In a recent interview with Russian News Service TASS, cosmonaut Anton Shkaplerov discussed the presence of microbes that were found on the outside of the hull of the International Space Station, that were not present after the launch of the ISS’s modules. According to Shkaplerov, "it turns out that somehow these swabs reveal bacteria that were absent during the launch of the ISS module."
"That is, they have come from outer space and settled along the external surface."
While many news outlets interpreted "from outer space" as meaning "extraterrestrial", Shkaplerov was simply referring to the vicinity around the station: the ISS orbits at an altitude of about 400 kilometers (250 miles), and the boundary where outer space begins is defined as being at 100 kilometers (62 miles, or 330,000 feet) above sea level. Adding to this, microbes can be found as high as 77 km (48 miles) — basically, it is assumed that while these microbes were found in space, they are still considered to be very terrestrial.
But Russia’s space agency, Roscosmos, isn’t ruling out the possibility of the ISS picking up microbes from other planets. Although the experiments being conducted, simply called "TEST" and "BIORISK", are primarily meant to study how Earthly microbes proliferate and affect the structure and proper functioning of spacecraft, officials are keeping an eye on the experiment for alien bugs.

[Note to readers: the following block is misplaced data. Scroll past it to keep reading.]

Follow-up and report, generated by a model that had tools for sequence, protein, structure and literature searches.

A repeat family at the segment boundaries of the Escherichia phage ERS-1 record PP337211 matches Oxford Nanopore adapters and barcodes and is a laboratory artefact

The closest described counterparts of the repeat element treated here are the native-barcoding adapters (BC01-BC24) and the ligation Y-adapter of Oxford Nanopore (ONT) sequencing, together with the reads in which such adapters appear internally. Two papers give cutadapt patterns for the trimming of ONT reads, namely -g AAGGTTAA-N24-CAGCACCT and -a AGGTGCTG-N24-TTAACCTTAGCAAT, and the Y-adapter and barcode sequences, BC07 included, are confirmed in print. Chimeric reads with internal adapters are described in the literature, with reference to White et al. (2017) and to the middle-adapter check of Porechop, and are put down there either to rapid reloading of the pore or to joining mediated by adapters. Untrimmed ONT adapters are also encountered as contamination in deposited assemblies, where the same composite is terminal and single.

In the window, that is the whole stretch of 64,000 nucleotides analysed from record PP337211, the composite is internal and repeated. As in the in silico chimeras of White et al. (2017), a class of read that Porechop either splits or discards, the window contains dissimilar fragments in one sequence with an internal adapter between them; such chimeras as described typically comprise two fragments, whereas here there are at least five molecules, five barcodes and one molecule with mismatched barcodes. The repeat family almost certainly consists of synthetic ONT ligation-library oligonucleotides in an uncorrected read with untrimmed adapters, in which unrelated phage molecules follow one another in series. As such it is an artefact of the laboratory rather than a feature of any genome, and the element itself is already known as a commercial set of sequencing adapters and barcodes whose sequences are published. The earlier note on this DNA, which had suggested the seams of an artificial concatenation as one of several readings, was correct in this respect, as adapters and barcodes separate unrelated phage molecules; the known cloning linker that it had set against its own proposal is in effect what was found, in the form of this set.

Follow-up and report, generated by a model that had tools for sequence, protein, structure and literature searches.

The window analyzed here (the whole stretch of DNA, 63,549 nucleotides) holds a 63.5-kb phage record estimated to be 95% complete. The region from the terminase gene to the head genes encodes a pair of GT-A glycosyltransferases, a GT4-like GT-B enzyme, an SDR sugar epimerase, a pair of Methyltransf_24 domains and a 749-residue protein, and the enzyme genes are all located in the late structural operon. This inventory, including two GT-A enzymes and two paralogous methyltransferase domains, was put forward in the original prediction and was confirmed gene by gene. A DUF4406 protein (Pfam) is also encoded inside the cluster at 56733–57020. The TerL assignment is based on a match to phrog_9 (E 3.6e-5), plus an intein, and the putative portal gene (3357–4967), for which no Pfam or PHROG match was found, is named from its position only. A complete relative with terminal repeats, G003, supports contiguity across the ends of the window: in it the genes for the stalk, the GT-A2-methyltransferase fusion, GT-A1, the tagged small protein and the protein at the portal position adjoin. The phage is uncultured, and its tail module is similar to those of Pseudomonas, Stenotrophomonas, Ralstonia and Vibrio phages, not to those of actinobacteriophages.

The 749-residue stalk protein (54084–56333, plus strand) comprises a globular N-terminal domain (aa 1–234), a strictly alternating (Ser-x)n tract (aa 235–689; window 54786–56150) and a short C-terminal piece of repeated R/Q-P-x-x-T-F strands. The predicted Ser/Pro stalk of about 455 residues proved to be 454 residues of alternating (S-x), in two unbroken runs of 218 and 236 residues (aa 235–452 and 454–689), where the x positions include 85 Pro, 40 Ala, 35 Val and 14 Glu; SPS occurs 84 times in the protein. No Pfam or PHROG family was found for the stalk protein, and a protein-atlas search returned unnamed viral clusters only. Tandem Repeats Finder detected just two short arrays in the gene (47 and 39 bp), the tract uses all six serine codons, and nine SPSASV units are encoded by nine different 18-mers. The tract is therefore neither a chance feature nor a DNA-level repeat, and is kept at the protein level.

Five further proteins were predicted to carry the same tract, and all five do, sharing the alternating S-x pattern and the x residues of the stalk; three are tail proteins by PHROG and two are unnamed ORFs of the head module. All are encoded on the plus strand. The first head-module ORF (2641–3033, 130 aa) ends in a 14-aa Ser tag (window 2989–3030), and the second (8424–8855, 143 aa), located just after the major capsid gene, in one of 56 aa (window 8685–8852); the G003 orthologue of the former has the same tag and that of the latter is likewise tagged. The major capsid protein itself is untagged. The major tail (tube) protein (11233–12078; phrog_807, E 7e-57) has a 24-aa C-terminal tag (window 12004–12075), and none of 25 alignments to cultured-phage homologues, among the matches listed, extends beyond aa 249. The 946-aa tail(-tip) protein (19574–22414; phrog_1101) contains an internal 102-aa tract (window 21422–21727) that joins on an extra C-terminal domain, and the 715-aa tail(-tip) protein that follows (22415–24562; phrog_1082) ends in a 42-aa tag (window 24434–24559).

"The micrometeorites and comet dust that settle on the ISS surface may contain biogenic substance of extra-terrestrial origin in its natural form," according to a Roscosmos statement made last May. "The ISS surface is possibly a unique and easily available collector and keeper of comet substance and, possibly, of biomaterial of extra-terrestrial origin."
Regardless of where the microbes Shkaplerov was referring to came from, this discovery adds credence to a recent study that speculates that the continual rain of dust from outer space could dislodge some of these high-flying germs, and send them on a journey through space where they could potentially be caught up in the atmosphere of another planet, or deposited even closer to home on the ISS. The study, conducted at the University of Edinburgh, also says that the opposite could be true: that microbes from high in the atmosphere of a distant planet could very well be blown across the cosmos, and find their way here to Earth.
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